Upon asking a question, Gabriel “colour[s] as if…he [has] made a mistake” (153) and then attempts to make amends by giving the victim money, forming excuses about it being “Christmas-time!” (154). Even when the one he was talking to did not take offense, he lives with the burden of doing something wrong. After small errors are made, Gabriel instantly feel a weight of guilt on his shoulders and he cannot let go of his foolishness. Additionally, his feelings of guilt and embarrassment toward the past makes him emotionally paralyzed in the present, where excuses to right his wrongs continuously fumble out of his mouth. The events that come to pass in Dublin prove that the characters are incapable of doing something more with their lives because they hold onto the past with a firm grip and refuse to let go because they will miss the nostalgia and are too mentally focused on pleasing others to think about changing aspects of their lives.

The memories of the past are not forgotten, especially of those who are no longer existing. The people who have passed away do not get to live their lives anymore, but even in the grave they are more alive than those who are still breathing and through the act and art of storytelling, the dead are kept alive. For instance, when Mr. Duffy from “A Painful Case” discovers that Mrs. Sinico has passed away, he chooses to hide in the shadows of her controversial death and eventually disregards himself as a part of society. He returns to the park “where they had walked four years before” (96) and relives his memories with her, consuming himself with thoughts of the deceased, not thinking of his own life or his future, but the life of someone else and her inability to wake up and see another day.

Remembering the time that they spent together, he begins to blend his past into the present, where he feels Mrs. Sinico “near him in the darkness” (96) and hears the train engine “reiterating the syllable of her name” (97). She may be in the afterlife and cannot come back, but her memory lives in those whom she used to interact with, especially Mr. Duffy, who can feel her presence next to him and hear her name spoken in everyday noises as he lives his repetitive life. Moreover, Mrs. Sinico is physically gone and no longer is able to actually live, but her painful case of death is brought alive in the newspapers. Likewise, “The Dead” resurrects Michael Furey through a memory of Mrs. Conroy. Death can remove so many things, but it cannot take away his story, hence Michael Furey lives on because he will always be dying for Mrs. Conroy. In comparison to Michael, Gabriel is not alive since he always dwells in his mistakes, forbidding him to really see what he has in front of him: a wonderful wife.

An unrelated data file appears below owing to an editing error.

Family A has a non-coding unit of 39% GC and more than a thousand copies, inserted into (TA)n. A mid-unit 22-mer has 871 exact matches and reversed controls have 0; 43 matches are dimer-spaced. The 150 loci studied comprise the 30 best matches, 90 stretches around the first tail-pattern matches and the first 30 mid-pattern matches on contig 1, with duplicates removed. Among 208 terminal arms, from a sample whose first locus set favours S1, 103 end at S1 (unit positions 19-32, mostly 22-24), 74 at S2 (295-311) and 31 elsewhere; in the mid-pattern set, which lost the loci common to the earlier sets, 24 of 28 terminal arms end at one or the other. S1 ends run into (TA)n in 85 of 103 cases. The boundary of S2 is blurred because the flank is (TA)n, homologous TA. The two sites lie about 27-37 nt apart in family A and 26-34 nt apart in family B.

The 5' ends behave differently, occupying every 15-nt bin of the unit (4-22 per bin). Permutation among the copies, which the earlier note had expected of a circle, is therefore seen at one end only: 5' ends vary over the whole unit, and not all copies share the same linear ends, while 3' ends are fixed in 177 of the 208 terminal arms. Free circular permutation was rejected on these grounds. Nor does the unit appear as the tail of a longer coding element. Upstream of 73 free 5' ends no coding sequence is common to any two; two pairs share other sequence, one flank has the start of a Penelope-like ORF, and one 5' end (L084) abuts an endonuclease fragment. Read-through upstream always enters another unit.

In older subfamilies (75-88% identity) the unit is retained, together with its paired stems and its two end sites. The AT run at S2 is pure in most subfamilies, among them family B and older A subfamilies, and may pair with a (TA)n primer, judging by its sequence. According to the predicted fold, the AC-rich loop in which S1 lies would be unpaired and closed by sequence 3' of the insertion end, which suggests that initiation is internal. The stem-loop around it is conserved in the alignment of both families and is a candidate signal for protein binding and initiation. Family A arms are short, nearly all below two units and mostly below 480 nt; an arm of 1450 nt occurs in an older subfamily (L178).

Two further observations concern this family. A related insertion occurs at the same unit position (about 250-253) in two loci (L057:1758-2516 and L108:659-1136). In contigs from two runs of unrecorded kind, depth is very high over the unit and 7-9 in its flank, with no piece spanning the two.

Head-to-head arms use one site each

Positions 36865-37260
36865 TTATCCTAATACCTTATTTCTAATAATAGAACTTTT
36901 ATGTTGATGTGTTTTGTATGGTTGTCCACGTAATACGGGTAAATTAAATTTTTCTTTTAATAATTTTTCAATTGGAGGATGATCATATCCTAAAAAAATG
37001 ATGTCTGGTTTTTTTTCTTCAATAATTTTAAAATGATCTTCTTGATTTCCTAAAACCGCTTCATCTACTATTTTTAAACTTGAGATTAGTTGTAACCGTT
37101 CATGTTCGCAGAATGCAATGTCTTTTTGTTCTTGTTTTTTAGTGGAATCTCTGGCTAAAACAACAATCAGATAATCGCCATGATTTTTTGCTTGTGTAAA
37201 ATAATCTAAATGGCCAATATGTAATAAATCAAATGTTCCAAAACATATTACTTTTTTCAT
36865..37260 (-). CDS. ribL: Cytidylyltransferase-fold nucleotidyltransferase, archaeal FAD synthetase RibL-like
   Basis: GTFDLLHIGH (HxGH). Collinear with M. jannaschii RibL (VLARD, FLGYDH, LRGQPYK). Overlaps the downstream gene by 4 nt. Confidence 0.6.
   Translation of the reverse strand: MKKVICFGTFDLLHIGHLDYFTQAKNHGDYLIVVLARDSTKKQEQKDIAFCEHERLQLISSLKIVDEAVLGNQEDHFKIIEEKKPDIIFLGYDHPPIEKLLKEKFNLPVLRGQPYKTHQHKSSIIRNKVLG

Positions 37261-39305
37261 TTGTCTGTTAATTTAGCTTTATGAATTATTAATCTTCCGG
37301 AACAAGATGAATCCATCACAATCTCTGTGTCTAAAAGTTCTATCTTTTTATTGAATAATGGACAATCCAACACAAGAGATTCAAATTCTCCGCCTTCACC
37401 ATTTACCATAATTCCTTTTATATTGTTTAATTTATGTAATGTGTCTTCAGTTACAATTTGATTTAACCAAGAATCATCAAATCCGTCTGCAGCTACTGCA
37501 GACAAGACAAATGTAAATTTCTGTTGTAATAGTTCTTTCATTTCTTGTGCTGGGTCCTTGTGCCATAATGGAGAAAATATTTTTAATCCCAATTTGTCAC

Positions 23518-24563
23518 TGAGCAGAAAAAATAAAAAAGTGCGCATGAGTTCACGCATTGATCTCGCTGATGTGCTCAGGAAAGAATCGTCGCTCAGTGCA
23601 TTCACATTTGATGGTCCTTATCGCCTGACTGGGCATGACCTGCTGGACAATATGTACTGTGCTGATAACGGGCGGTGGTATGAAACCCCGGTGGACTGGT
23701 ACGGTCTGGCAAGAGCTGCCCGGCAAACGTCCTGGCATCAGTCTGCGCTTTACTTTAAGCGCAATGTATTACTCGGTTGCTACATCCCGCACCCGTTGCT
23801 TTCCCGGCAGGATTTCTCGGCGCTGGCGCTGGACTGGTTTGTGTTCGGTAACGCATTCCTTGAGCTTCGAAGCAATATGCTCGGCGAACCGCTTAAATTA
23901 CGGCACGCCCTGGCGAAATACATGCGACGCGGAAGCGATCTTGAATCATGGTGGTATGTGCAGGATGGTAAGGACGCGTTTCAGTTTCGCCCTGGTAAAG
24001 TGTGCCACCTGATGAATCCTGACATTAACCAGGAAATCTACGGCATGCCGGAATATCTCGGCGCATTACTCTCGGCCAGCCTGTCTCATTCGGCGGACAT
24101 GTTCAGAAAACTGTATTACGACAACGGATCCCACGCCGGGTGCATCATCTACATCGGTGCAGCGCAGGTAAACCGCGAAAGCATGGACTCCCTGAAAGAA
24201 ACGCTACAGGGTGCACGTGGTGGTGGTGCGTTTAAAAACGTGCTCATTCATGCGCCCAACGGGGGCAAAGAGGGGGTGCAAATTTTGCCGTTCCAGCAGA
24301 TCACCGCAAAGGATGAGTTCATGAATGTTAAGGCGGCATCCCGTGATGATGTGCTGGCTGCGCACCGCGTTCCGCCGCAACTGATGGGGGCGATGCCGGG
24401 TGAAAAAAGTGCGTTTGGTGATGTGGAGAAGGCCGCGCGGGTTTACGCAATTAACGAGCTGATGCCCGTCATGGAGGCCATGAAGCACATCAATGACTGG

Furthermore, he feels threatened by a man who is dead and is jealous of his wife’s previous synergy with Michael because, unlike Michael, he does not have a story of sacrifice for Mrs. Conroy. Mr. Duffy and Mr. Conroy both continue to live uneventful lives, without progress for their futures and their companions that passed away will continue to haunt them, reminding them of how pitiful their lives truly are. From the lives of many in Dublin, a majority seem to have problems with leaving the city and accomplishing their life goals. The characters in Dubliners keep both feet planted on Dublin soil because they are paralyzed due to their emotional baggage. The citizens who live in the heart of paralysis do so because they refuse to let go of the past which plagues them and ultimately makes it so that they are not alive, but are simply living. This theme of “unlived life” is prominent throughout Joyce’s work and demonstrates how the deceased are more effervescent than those who breathe in and breathe out.

Works Cited:
Joyce, James, and Colum McCann. Dubliners. Centennial ed. New York: Penguin Group, 2014. Print. Word Count: 1461